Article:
A post by Dr. Kristen Willmott & Dr. Michele Hernandez
The season for juniors to request letters of recommendation inches closer and closer by the day. Teacher recommendations are a vital part of the college admissions process. High school students who get into the very top colleges are those with off-the-charts teacher recommendations that say a student is among the strongest in a teacher’s career, high impact, and a true leader in class. We encourage our students to ask 2 junior year teachers to write their recommendations before leaving for summer vacation after completing junior year. It’s a courtesy to give teachers the summer months to write recs. This is something to bear in mind NOW for all juniors!
How do you pinpoint which teachers to ask to write your recommendations? Here are some tips:
1-Ensure you are excelling in his or her class. You need to be a student who actively and frequently participates, is responsive, earns top grades in the class, commits to extra learning outside of class time, and more.
2-Make certain the teacher is enthusiastic about you and your plans for college. How can you do this? Engage in a dialogue –tell Mr. Smith and Mrs. Thomas WHY you want to go to college, where you’d like to study, what you’d like to study, how you plan to excel, etc. Note: This is NOT a 2-minute conversation before or after class on a Friday!
3-Cultivate relationships with your teachers. The same goes for your college counselors! Stay after school; participate in clubs/activities your teachers lead if you are interested in these; request an informational meeting with your teacher to seek your teacher’s input on your coursework, your grades, your academic focus, and your college plans! Then, LATER ON, meet with your teacher again to make the request for a letter of recommendation, and be sure to include helpful materials (see # 5 below for info on WHAT materials).
4-Understand that your teachers balance between 5-50 requests for letters of recommendations every year. They simply cannot say yes to every student and their job descriptions don’t require them to. It’s a myth that all teachers have to or “should” accept a student’s request for a letter of recommendation.
5-When you “pop the question” for a letter of recommendation, have typed, organized, proofed supplementary materials prepared and ready to give to your teacher IF he or she agrees. These include:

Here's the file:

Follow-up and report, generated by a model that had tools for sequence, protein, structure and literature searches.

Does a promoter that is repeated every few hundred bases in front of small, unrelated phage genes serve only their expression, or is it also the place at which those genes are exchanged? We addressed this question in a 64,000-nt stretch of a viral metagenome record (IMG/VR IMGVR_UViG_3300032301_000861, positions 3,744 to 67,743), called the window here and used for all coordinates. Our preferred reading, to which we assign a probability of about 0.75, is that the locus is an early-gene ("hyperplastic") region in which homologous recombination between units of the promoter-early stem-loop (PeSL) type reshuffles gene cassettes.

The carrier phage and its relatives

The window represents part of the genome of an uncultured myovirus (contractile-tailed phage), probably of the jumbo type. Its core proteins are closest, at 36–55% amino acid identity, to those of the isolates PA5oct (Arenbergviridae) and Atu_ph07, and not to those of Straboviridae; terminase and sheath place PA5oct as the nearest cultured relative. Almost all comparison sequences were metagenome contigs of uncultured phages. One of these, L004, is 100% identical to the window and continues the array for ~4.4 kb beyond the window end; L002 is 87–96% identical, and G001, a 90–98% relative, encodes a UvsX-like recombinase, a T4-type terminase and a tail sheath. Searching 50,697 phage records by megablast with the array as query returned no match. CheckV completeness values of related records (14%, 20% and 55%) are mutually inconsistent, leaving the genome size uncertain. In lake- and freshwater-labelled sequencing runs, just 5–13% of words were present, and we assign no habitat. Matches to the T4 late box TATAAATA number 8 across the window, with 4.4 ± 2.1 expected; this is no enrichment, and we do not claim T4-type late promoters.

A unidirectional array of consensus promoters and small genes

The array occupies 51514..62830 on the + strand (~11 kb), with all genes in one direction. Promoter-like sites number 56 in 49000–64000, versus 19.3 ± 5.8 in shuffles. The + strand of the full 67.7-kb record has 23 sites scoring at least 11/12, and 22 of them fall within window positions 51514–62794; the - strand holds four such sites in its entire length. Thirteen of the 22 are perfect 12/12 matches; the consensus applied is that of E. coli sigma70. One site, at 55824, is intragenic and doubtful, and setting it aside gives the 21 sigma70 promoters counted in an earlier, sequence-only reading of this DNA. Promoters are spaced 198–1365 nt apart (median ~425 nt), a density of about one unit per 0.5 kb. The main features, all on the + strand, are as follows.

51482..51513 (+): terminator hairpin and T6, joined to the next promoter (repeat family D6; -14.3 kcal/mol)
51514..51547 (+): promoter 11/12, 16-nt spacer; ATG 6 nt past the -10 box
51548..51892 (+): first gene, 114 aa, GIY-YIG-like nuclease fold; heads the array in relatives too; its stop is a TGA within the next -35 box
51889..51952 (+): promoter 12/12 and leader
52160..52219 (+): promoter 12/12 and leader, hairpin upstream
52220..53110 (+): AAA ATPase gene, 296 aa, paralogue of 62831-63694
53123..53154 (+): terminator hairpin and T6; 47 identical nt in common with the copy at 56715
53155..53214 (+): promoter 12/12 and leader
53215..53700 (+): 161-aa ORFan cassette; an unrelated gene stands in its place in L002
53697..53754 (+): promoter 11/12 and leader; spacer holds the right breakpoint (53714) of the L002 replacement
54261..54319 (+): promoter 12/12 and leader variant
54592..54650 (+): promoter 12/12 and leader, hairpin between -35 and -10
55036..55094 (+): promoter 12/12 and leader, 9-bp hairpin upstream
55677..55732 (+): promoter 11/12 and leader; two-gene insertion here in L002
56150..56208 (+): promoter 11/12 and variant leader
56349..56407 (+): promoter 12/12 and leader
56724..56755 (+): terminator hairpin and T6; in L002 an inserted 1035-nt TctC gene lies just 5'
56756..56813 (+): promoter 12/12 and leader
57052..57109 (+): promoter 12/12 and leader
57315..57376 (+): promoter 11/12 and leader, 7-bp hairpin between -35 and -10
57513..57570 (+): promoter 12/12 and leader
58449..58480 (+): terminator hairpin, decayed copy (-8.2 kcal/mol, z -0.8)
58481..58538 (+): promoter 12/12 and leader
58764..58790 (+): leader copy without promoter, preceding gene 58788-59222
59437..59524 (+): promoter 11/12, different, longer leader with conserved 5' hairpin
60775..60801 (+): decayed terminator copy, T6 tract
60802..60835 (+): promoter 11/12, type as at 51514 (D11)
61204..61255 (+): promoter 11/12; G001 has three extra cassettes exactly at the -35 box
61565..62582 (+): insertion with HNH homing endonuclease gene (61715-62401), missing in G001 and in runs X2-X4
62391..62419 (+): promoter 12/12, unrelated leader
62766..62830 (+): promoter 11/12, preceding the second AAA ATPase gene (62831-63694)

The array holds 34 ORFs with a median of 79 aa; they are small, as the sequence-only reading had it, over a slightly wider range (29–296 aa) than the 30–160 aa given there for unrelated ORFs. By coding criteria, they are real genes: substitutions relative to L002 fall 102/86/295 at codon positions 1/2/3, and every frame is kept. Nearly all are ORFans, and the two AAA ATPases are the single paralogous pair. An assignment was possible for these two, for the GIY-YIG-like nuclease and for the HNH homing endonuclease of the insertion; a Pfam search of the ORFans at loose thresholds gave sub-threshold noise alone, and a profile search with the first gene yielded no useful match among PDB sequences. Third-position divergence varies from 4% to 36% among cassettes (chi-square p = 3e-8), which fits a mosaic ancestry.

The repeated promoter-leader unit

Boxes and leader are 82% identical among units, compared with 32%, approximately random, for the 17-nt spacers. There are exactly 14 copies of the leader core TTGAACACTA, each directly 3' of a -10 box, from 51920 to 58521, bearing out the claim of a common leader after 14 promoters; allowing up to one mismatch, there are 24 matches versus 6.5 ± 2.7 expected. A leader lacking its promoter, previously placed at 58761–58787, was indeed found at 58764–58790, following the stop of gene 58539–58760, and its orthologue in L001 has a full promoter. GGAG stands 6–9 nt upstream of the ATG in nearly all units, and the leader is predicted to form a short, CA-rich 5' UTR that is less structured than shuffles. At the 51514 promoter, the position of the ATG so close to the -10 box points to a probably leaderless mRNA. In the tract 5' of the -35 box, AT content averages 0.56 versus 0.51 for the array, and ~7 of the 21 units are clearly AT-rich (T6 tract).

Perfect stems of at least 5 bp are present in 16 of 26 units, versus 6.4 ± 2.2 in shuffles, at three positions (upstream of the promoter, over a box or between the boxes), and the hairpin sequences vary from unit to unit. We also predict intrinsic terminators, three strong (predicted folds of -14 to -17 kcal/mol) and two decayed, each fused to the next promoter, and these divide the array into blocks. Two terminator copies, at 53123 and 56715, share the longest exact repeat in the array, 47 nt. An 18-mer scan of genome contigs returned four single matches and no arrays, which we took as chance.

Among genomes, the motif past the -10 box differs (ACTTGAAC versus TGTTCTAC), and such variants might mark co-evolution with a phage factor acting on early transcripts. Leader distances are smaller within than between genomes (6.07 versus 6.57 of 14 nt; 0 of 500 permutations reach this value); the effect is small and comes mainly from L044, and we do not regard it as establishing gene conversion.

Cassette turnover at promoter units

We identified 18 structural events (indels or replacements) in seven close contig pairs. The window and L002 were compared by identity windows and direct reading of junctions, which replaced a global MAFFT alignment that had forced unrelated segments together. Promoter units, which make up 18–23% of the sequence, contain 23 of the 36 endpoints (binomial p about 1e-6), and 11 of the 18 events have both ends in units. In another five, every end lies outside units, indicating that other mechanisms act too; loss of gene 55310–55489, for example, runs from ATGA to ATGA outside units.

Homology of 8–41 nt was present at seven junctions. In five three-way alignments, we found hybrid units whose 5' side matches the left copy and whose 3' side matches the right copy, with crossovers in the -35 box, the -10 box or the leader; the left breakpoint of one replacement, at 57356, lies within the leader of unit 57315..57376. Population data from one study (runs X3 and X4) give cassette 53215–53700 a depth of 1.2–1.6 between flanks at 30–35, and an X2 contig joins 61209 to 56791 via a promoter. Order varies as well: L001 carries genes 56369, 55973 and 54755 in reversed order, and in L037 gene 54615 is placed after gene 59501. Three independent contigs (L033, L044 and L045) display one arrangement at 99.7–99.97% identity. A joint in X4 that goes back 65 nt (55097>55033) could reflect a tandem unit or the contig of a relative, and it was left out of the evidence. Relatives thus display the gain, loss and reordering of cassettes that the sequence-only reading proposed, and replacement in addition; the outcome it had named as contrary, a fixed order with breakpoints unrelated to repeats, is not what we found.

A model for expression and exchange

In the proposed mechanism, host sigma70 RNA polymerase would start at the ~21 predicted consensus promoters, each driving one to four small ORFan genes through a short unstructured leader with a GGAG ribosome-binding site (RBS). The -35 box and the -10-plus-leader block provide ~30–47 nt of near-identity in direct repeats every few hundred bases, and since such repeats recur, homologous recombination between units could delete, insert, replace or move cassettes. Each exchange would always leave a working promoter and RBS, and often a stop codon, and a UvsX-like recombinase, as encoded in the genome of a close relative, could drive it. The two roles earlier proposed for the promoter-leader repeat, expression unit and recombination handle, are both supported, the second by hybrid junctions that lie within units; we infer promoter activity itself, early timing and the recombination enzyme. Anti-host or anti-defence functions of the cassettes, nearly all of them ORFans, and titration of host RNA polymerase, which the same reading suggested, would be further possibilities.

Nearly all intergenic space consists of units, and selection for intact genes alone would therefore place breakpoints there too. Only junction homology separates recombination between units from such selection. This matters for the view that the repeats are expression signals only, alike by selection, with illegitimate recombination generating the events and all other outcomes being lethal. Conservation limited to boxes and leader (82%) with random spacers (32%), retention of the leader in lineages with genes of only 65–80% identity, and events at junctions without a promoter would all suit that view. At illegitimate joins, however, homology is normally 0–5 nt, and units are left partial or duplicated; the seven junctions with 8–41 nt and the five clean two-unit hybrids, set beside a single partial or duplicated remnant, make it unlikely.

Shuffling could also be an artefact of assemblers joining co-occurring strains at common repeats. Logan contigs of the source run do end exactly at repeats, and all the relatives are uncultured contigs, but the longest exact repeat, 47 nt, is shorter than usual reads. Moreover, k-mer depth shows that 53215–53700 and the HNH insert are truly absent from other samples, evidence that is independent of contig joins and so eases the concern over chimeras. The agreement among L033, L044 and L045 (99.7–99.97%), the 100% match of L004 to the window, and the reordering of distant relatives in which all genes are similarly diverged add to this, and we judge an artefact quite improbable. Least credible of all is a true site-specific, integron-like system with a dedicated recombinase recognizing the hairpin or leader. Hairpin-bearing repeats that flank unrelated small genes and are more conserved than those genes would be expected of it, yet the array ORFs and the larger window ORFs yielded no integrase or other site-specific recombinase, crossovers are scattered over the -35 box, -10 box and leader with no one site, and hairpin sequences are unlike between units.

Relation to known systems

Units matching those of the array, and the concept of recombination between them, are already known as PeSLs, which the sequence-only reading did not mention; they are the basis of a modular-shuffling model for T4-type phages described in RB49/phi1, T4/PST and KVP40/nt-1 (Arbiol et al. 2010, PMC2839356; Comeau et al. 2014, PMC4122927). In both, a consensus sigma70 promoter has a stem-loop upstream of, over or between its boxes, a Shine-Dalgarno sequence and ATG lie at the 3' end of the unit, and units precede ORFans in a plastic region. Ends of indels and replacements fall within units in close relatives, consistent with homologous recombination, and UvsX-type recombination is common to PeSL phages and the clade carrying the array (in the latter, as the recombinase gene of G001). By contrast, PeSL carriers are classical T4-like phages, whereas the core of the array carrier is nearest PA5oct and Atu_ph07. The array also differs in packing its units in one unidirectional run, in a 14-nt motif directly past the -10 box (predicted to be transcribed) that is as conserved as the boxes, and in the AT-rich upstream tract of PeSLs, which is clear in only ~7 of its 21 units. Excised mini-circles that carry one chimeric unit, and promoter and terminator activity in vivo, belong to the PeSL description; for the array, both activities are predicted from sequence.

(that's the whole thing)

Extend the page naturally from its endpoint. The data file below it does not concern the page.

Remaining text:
- A condensed activity sheet, resume, and/or list of awards, etc. Include your contact information.
- All letter of recommendation forms/websites/addresses/deadlines for each college.
- A short statement of purpose describing the colleges you are targeting, your academic focus, your plan for approaching the admissions process, etc.
- A handwritten thank you note with a promise to follow up with the results of your college applications. The thank you note will be sent after the letters are sent to colleges, so this is after-the-fact. A 2nd thank you note should be sent, or handed to, the teacher when you accept an offer of admission in the spring of your senior year. He or she will want to know where you are going to college and how his or her letter of recommendation helped you get there!
In our annual Boot Camp programs for current juniors/rising seniors we often tell our students to try to step into the role of an admissions officer. The same applies here –if you are a current junior, you need to be thinking about making the request for letters of recommendations soon. Try to step into the role of your teachers. As Mr. Andrew Simmons, a current California teacher states in an article published this week in The Atlantic, “Writing a meaningful letter of recommendation takes time, a luxury that teachers don’t have . . . My job is not to draw big neon circles around a student’s achievements so that an admissions officer will pay more attention to them. Instead of bragging on behalf of the student, I want to render human the person admissions officers may view as a collection of letters and numbers, to say what those grades and scores cannot. A recommendation letter can discuss the academic and, when relevant, personal challenges a student has faced. It can clarify a student’s learning style and distill what he or she brings to a conversation about an academic topic. After all, colleges are trying to build classes of students, not simply usher in as many high-scoring kids as fate will permit. A recommendation, when it is done right, highlights, instead of purely the triumphs, the intangibles in a student’s application.”
Dr. Michele Hernandez, who read hundreds of teacher recommendations during her time in the Dartmouth admissions office notes,
Teacher recommendations are an integral part of the admissions process. Why? Because numbers (grades and scores) don’t tell the whole story –what kind of scholar is the student? Is he/she a leader of class discussions? A mover and a shaker? Or, simply a diligent, conscientious student who does well but doesn’t contribute anything special? Colleges want DYNAMIC students, students who light up the classroom, who encourage scholarship, who push others to excellence, who are collaborative learners and who inspire others. The only way to get a sense of what a student is like in class is via teacher letters. But often teachers resort to mere summary, which is NOT at all helpful. Colleges would rather here anecdotes, vivid examples, a portrait of what the student is like.